Nova Scotia ECEs stage protest outside education minister’s office, call for living wage – Halifax

Early childhood educators (ECEs) from across Nova Scotia gathered outside the education minister’s office Thursday morning, protesting what they’re calling inaction on their compensation package.

The group began their day of action at Grand Parade, then marched through downtown Halifax to Education and Early Childhood Development Minister Becky Druhan’s office on Brunswick Street.

“I’m here because we’re tired of waiting and not knowing when we’re getting raises,” says Jasmin MacFarlane, who’s been an early childhood educator for the past six years.

“We really deserve more.”

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The Department of Education and Early Childhood Development has said it will provide a wage top-up for early childhood educators this fall. But protesters on Thursday said the fall is too late.

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“ECEs are struggling. Struggling to buy food, struggling to find a place to live that they can actually afford,” said Elizabeth Conrad, a 35-year early childhood educator.

“I don’t understand why if the federal government has allocated funds for a wage compensation package, why that has not been allocated

As it stands now, the wage floor for early childhood educators in Nova Scotia is between $15 and $19 per hour, depending on their training. According to a report released by the Canadian Center for Policy Alternatives released Wednesday, the living wage rate in Halifax is $23.50 per hour.

“Straight out of high school I wanted to get into early education, but I had teachers that tell me don’t do it because it’s not livable,” said Brooklyn Last, who only became an ECE this week.

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“Now, there’s too many kids and not enough workers because no one can make a livable wage.”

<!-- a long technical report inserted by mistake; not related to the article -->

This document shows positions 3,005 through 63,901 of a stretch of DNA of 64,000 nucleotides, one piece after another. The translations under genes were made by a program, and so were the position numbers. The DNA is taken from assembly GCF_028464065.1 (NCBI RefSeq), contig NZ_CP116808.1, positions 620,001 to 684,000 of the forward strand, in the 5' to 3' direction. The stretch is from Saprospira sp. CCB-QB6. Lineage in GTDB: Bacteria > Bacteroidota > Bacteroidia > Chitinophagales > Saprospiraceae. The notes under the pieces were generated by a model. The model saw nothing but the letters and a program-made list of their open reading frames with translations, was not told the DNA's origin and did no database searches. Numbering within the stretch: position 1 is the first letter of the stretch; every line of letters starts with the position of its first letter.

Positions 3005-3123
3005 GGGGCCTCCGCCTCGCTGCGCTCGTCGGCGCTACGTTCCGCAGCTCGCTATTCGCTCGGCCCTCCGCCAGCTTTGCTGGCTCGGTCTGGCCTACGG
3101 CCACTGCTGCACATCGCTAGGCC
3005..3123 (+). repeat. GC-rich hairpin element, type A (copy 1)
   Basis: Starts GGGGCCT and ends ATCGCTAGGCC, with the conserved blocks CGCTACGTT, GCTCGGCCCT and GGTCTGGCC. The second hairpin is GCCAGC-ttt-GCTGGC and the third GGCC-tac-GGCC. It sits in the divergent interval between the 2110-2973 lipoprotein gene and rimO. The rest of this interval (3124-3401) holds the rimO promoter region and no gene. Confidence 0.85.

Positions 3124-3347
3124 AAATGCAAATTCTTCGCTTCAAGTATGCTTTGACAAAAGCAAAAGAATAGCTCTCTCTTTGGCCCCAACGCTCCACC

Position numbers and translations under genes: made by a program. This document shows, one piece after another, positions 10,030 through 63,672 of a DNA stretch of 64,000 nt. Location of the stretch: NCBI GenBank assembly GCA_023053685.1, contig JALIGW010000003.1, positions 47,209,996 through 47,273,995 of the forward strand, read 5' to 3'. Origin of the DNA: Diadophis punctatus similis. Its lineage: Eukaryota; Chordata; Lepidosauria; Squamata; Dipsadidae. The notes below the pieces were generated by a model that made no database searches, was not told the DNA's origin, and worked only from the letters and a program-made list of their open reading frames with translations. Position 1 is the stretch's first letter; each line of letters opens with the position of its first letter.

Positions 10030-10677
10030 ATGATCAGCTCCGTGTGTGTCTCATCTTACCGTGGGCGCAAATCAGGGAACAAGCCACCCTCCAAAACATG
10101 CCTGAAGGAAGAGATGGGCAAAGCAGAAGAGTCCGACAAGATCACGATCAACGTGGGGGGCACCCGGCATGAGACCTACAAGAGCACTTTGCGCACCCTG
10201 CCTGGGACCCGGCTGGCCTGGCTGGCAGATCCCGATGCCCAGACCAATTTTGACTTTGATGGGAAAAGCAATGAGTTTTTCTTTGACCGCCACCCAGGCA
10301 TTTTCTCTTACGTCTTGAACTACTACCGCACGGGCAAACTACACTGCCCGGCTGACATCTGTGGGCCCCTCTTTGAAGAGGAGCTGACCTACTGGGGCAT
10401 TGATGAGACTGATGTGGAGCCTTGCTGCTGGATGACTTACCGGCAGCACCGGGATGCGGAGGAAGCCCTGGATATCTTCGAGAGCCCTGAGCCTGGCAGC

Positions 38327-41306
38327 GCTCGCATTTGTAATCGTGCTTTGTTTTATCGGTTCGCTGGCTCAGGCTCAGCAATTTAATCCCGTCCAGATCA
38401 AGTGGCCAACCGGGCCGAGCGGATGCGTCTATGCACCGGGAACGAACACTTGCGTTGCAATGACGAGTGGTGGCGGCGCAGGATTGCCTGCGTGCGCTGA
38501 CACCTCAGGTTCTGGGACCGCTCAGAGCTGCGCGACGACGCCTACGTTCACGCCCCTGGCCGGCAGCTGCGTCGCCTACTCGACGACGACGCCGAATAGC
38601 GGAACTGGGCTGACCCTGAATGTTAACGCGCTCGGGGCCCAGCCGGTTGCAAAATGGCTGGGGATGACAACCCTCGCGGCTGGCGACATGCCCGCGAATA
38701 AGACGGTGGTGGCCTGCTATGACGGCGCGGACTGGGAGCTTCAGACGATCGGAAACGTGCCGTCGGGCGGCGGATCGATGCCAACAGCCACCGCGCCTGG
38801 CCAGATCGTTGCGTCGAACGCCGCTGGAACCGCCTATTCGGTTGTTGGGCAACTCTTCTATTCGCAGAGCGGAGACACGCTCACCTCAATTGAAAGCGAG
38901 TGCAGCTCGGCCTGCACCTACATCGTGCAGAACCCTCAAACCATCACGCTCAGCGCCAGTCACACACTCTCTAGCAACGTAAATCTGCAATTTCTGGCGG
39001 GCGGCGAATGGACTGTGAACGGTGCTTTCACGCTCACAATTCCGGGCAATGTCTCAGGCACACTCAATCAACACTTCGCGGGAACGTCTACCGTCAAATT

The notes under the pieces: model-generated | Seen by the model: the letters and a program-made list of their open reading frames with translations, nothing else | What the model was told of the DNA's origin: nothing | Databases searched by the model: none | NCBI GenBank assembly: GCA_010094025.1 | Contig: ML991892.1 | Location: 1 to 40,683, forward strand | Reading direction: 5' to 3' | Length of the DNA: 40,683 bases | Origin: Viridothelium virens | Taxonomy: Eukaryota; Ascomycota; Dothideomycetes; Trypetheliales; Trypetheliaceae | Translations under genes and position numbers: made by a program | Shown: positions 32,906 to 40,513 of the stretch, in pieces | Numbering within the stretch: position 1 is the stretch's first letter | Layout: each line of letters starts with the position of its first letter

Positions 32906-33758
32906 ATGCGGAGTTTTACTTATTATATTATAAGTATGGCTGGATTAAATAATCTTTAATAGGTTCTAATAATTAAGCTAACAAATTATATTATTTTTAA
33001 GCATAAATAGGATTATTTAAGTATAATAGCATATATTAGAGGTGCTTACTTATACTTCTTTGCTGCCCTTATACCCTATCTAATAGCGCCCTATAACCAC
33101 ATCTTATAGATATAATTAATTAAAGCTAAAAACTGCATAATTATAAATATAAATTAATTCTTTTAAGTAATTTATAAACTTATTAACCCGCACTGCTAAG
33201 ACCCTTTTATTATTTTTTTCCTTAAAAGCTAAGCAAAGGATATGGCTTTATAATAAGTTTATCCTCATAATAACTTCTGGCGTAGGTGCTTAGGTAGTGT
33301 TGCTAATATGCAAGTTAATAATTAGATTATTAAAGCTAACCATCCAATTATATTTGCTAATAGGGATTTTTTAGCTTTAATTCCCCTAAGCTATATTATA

Click to play video: 'NS early childhood educators waiting on promised wage increases'

NS early childhood educators waiting on promised wage increases

NS early childhood educators waiting on promised wage increases – Aug 9, 2022

Minister Druhan was on hand at the beginning of the protest, speaking with ECEs herself. But those she spoke with say they left the conversation disappointed.

“She said, ‘Thanks for coming out,’ and I was like, ‘Where is the money?’” said Bobbi Keating, a 33-year ECE who spoke with Druhan during the protest.

“She said, ‘Don’t worry, it’s coming, it’s going to roll out, it’s just going to be a matter of weeks.’ And I said, ‘Any minute we wait is too long.’”

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Druhan says she hears the concerns from ECEs, but wants to make sure the wage increase is done right.

“We are going to deliver on this as soon as possible,” said Druhan. “Our ECEs have been waiting for decades for compensation that is fair and that recognizes the incredible value of the work that they do, and that’s what we will deliver.”

But ECEs feel the province is dragging its feet.

“That’s really frustrating when you have the Minister of Education, who’s holding the check, and she says, ‘I don’t know why you’re walking out,’” said Keating.

— with files from Eilish Bonang.

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